Bethany Firth: Society needs to be more understanding of hidden disabilities

Six-time Paralympic champion Bethany Firth believes society needs to become more understanding of “hidden disabilities” after revealing her memory issue makes life similar to the plot of the film 50 First Dates.

Northern Irish swimmer Firth competes in the S14 classification for athletes with intellectual impairments and is unable to remember some of her many successes in the pool due to her condition.

The 27-year-old, who is preparing to defend her 100m backstroke, 200m freestyle and 200m individual medley titles at the Allianz Para Swimming World Championships in Manchester next week, overcame insecurities about her disability through involvement in sport.

British swimmer Bethany Firth is aiming for further glory on the world stage in Manchester

British swimmer Bethany Firth is aiming for further glory on the world stage in Manchester (Bradley Collyer/PA)

Yet consistently recalling information remains an ongoing challenge for the multiple world-record holder, who likens it to the 2004 romantic comedy starring Adam Sandler in which Drew Barrymore’s character suffers short-term amnesia on a daily basis.

“Some days I can remember stuff, some days I can’t,” Firth told the PA news agency.

“It’s a bit like 50 First Dates – you don’t know what I am going to retain and what I’m not.

“My coach (Nelson Lindsay) finds it very hard because one day I can be knowing all of these drills and then he says to me the next day you’ve already done that, let’s do it again and I have no clue.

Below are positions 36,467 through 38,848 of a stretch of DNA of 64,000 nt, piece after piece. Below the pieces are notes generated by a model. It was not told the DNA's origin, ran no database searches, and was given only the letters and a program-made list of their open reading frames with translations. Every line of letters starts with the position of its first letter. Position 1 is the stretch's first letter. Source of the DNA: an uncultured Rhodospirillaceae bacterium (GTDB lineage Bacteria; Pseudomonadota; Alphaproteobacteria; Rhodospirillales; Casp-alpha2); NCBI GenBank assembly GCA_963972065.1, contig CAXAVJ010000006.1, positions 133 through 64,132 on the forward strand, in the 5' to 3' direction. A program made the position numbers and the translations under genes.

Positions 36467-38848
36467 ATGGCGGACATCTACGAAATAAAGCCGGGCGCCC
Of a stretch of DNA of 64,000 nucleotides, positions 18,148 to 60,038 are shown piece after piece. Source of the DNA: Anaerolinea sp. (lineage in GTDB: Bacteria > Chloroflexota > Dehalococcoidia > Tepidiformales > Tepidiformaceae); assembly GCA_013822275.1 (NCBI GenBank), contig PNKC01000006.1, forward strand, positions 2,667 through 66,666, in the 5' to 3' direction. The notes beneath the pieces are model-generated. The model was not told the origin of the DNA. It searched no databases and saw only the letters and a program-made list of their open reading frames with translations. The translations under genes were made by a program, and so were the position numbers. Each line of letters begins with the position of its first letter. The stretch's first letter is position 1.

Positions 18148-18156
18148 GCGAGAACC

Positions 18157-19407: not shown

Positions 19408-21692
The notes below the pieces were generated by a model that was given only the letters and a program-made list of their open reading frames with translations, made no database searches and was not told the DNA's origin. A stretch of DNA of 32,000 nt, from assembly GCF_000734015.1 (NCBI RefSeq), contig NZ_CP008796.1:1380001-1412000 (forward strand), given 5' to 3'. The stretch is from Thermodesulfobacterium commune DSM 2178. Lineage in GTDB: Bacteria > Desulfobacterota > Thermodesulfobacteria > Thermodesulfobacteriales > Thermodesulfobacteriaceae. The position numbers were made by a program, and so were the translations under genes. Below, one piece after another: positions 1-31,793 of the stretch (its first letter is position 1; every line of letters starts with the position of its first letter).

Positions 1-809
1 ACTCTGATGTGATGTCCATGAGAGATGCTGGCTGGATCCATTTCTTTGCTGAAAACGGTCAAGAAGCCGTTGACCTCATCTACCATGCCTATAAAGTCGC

“In every day life, I struggle a bit with trust because I will see pictures of myself doing something and it is me but I can’t remember or I have no connection to that.

“There are just lots of little things that add up that people don’t notice because everyone just sees you as this normal person that can do everything.

“Everyone has their own struggles and we need to be a lot more aware that maybe that person is taking a wee bit longer to pay because they’re not understanding how much they need to give. Or maybe that person needs just a bit more time to understand what that person’s just said.

“Hidden disabilities are so common nowadays. It’s a bit like mental health – you can’t see what’s going on in someone’s life and people are very good at hiding it.

Drew Barrymore during a photocall

Firth likened her memory issue to the one suffered by Drew Barrymore’s (pictured) character in the film 50 First Dates (Yui Mok/PA)

“We need to be a bit more understanding that we don’t know what’s happening in someone’s life.”

Firth burst on to the scene aged 16 by winning 100m backstroke gold for Ireland at London 2012.

She added a further five Paralympic golds and three silvers to her collection across Rio 2016 and Tokyo 2020 after switching allegiance to Great Britain, in addition to last year claiming the Commonwealth 200m freestyle title for Northern Ireland.

Firth, from Seaforde, County Down, has learnt to deal with the demands of having a target on her back and is focused on times rather than medals ahead of competing at Manchester Aquatics Centre and moving on to Paris 2024.

“It’s always a mixed bag when you go into a competition because you’re always the one people want to beat, so there’s always a bit of pressure there,” she said.

“I haven’t PB’d since 2016. I’ve always had an injury. Last year I broke my foot, the year before that I had shoulder injuries.

“For me, it’s not always about the medals. It’s actually about my performance and I really want to push on with my own performance and not just stay at the same sort of level.

“At Paris I want to beat all my PBs. I am hoping this week will give me a really good step towards doing that.”

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